She wasn’t really aware that everyone else around could hear her as she floated over to the ranking officer, but she didn’t seem to care either. “This is… this is your fault! You and your poisoned candy treats you’ve been giving out!” she yelled out, pointing fingers of accusation. “I swear by the Nether that I’ll haunt you for the rest of your days, you hear me?!”
The sergeant seemed hardly phased by this as he looked at the ghostly-looking woman. “I assure you it’s only temporary, miss. Just a little bit of holiday magic,” he said with a smirk which only served to annoy her further. “You…!” Ravine fumed at his lack of concern as she floated circles around the officer who seemed to take little heed in her threats. Instead he pulled out of his pocket, a small watch and stared down at it. “…Should be wearing off soon,” he muttered to himself.
“Is this any way to reward those who helped you clean this place up?!”
“…really should check on the expiration dates on these things…”
“…shouldn’t treat life like a plaything! And furthermore…”
Before Ravine could speak another word, a bellow of smoke suddenly emitted from the warlock. Coughing, she waved her hands about to clear the air, not noticing the effects of the candy wearing off. Curious town members crept closer to the scene. Only the sergeant seemed to have an inkling of what was going on with that smirk still on his face. When the smoke finally cleared, Ravine looked down at her hands and was surprised to find that she was flesh and blood once more, not to mention grounded as well.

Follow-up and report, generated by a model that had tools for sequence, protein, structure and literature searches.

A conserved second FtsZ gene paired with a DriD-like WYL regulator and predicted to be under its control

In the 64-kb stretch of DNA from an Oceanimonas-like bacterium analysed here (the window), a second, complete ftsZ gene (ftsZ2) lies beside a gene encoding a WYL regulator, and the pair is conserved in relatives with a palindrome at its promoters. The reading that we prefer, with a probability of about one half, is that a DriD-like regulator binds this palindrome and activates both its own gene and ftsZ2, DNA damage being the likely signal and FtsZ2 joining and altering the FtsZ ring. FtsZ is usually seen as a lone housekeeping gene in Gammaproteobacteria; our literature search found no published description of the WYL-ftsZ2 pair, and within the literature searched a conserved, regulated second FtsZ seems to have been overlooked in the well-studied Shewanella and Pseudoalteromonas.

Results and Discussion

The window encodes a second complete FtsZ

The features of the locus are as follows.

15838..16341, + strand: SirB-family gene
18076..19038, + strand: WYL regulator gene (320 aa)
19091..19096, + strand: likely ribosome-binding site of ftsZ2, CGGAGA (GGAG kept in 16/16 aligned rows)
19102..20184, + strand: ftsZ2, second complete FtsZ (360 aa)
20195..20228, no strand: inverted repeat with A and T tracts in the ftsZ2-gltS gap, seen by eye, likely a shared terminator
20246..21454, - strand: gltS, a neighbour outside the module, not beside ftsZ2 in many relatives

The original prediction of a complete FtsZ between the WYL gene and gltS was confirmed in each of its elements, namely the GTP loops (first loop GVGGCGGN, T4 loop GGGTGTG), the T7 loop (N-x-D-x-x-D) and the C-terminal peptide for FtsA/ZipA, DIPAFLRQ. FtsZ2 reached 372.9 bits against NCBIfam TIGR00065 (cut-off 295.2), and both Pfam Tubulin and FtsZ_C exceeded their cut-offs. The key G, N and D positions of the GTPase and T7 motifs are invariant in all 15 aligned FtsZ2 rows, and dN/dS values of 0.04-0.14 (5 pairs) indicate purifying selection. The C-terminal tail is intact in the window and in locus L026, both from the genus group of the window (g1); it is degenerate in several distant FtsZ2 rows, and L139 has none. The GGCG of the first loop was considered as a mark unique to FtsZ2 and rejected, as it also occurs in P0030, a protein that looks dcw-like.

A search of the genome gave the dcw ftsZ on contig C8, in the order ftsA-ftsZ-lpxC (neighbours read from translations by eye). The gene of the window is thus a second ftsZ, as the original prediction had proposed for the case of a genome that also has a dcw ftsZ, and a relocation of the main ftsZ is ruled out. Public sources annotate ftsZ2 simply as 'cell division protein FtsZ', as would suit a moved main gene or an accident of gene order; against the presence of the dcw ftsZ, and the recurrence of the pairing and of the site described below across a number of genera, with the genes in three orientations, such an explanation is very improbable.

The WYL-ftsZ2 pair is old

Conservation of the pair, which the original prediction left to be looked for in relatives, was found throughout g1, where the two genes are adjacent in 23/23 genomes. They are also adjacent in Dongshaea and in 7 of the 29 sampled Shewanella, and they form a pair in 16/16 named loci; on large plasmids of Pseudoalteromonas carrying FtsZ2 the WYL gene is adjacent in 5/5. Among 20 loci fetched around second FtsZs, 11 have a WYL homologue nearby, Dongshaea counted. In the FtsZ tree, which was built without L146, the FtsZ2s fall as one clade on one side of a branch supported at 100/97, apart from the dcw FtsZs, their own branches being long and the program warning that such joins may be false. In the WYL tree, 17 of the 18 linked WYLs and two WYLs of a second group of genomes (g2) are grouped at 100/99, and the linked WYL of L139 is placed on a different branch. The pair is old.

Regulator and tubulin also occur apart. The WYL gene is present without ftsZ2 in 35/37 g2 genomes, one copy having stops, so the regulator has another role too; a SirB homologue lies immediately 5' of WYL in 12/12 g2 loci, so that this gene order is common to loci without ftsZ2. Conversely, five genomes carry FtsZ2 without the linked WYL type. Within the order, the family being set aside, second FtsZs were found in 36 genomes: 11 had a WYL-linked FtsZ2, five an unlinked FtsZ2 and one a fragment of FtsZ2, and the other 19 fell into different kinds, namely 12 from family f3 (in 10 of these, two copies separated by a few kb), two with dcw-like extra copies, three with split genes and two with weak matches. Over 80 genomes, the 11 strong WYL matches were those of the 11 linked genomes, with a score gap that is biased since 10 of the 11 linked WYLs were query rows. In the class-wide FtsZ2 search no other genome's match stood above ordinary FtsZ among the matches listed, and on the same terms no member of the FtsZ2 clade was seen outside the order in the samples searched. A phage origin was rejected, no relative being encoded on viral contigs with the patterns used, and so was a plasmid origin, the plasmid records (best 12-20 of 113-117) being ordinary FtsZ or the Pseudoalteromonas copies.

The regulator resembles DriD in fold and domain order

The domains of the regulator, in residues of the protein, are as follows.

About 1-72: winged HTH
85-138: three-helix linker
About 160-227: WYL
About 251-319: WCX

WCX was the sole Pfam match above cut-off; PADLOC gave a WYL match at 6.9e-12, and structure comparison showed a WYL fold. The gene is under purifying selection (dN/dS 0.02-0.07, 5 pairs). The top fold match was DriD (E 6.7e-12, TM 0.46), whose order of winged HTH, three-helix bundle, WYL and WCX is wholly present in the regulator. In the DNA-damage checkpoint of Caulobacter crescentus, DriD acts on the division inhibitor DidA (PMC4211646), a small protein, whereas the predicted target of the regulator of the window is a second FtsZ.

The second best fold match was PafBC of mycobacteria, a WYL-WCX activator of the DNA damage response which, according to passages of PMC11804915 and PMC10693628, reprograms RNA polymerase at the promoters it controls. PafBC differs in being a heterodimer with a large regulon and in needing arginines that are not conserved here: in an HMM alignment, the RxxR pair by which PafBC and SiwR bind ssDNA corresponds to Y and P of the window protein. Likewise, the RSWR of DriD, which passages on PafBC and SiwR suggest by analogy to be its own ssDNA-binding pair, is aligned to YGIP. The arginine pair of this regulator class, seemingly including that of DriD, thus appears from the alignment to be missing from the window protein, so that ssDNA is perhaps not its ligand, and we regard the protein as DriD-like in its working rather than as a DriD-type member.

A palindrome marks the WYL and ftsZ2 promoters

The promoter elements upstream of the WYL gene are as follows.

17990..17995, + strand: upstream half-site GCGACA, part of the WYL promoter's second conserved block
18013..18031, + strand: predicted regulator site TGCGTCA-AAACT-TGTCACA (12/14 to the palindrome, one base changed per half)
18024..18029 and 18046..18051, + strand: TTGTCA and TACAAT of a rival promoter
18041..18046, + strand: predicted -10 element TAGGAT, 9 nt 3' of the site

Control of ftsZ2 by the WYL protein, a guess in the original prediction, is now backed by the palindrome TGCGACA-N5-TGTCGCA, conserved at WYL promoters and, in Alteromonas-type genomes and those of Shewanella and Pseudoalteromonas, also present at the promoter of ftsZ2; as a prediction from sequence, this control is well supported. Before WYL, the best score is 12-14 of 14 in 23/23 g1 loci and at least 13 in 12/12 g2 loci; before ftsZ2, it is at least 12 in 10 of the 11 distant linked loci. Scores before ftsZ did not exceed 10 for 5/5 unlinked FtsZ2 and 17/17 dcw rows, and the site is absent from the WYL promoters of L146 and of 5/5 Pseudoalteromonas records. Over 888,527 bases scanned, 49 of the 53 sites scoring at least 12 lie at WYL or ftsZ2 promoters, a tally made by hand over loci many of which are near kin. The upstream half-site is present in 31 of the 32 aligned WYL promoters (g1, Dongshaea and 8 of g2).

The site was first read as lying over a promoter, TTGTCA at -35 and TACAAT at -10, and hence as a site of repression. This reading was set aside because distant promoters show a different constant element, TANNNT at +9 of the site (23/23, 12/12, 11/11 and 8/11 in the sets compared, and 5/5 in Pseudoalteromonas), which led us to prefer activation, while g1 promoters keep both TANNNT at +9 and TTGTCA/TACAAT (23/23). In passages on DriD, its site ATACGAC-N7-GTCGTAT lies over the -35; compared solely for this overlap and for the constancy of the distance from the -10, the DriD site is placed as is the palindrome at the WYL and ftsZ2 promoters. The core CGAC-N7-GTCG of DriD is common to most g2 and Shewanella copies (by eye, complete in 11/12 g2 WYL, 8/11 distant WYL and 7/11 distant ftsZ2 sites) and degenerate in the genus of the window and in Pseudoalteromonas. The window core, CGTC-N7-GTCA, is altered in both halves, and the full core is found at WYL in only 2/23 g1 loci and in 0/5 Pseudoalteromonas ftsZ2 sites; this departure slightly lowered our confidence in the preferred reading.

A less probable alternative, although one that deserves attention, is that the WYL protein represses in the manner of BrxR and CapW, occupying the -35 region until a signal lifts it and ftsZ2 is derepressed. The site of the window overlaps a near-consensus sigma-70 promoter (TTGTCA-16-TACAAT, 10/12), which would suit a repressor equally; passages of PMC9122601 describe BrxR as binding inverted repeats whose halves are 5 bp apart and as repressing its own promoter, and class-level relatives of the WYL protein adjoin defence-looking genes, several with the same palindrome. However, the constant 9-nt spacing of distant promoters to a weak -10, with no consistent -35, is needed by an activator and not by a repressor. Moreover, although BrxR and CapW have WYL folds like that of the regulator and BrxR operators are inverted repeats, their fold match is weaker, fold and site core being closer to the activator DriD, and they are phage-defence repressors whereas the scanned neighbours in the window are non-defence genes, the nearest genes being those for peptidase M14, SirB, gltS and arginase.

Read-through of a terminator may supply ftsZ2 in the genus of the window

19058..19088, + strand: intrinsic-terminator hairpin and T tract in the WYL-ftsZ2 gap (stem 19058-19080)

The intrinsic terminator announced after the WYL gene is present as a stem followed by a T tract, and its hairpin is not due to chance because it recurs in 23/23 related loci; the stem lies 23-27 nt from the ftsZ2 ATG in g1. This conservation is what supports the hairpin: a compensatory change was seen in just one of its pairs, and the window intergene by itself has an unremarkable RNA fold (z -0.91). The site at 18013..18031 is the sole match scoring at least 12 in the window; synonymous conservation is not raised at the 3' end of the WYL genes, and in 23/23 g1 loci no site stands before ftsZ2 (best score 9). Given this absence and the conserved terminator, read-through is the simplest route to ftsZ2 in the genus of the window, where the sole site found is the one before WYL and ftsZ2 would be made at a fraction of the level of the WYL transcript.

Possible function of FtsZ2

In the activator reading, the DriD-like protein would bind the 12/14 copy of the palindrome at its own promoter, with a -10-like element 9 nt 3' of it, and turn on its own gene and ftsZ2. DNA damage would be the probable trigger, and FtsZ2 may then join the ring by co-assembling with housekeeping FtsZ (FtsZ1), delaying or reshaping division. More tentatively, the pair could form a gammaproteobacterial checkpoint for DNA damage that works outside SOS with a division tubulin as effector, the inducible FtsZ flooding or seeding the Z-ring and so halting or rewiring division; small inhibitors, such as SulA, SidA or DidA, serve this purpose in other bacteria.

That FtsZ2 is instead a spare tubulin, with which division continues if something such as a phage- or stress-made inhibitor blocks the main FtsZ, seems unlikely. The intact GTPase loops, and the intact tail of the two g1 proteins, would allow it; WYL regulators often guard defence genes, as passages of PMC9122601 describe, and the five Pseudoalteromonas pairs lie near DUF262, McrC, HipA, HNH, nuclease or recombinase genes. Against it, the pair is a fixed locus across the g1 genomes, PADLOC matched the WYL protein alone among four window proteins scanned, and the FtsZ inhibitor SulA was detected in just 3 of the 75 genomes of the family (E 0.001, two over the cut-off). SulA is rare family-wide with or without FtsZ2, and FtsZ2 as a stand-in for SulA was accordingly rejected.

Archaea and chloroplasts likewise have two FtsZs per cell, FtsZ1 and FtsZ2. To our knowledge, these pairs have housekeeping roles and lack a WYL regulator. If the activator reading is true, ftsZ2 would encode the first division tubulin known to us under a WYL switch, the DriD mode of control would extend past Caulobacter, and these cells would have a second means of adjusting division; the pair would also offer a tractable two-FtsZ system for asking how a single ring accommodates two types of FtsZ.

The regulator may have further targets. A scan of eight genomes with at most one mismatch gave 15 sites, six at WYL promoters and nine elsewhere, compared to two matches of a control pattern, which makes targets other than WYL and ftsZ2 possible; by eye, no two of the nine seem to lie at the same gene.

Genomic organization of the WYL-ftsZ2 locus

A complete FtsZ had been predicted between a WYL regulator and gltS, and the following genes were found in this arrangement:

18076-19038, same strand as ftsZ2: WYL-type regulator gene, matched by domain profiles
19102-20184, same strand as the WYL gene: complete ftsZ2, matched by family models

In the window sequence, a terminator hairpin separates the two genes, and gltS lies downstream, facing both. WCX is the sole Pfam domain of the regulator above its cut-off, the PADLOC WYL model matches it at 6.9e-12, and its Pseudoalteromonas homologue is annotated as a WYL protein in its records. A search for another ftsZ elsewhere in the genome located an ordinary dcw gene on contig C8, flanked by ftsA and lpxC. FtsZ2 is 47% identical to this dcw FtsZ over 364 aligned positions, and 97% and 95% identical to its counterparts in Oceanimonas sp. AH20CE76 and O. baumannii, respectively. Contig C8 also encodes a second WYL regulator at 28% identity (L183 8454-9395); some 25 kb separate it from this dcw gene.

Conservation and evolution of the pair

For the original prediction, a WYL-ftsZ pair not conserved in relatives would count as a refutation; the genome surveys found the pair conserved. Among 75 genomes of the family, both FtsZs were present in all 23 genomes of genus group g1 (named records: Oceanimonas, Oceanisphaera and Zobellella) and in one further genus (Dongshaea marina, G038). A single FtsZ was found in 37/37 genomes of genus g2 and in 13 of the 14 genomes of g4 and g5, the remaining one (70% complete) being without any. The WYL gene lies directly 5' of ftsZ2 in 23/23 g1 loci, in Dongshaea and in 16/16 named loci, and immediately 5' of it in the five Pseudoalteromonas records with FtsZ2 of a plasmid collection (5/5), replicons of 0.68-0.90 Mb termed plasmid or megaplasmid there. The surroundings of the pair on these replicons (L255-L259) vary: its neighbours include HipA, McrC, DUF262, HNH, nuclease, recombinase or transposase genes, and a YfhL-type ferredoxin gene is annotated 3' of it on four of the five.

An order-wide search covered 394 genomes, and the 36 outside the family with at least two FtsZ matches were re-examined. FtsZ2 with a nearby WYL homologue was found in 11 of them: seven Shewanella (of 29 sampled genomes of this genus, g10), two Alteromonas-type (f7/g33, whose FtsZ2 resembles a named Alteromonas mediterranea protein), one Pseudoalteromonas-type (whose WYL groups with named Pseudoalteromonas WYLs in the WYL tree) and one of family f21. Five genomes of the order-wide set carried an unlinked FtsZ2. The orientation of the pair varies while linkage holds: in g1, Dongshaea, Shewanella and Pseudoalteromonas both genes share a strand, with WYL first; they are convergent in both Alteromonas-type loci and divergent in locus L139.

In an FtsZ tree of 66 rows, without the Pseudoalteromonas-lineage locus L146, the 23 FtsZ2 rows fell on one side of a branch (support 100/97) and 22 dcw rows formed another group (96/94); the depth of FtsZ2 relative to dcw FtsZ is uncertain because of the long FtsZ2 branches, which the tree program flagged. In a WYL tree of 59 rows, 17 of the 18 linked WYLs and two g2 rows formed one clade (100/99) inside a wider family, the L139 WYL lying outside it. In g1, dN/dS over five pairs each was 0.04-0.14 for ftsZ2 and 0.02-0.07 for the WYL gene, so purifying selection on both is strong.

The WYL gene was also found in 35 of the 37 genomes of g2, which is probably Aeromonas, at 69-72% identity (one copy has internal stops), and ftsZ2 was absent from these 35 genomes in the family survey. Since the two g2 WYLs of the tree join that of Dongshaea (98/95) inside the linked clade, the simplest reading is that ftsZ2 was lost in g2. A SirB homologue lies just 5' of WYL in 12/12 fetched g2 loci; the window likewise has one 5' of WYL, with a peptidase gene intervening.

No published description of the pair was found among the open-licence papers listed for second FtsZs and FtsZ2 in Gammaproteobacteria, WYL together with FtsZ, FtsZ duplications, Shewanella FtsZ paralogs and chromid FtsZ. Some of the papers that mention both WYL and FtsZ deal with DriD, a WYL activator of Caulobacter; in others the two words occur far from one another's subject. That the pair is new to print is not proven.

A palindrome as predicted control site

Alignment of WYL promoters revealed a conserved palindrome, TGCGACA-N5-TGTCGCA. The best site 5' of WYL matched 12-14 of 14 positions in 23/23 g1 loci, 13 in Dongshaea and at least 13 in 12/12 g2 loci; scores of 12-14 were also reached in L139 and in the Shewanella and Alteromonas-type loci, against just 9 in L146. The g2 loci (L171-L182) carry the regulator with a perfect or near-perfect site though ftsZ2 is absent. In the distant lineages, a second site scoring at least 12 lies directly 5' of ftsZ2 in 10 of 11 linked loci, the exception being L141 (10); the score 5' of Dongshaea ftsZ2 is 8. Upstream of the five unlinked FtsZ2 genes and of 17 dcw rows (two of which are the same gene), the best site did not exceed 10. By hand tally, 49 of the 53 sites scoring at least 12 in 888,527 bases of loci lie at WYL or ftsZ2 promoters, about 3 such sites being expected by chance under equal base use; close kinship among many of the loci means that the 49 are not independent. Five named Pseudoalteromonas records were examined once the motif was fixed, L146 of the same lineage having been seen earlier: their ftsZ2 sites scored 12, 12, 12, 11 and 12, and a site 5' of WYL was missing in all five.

“Ah…” It took her only another moment before her face was suddenly flushed in embarrassment. Cripes, she wouldn’t be able to live down overreacting over something like this. “So it… really was only temporary…” she managed to stammer quietly. “Oh dear…”
He looked up, and frowned as the familiar smell of rotten, putrid things filled his nostrils. Turning his head, the familiar orange smoke began to bloom out of the vials of stink bombs. “I’ll ignore those threatening comments if you go out there and clear those out bombs,” he muttered as he handed her a stink bomb cleaner. Ravine didn’t have any room for protest as she reluctantly took the air freshener from his hand.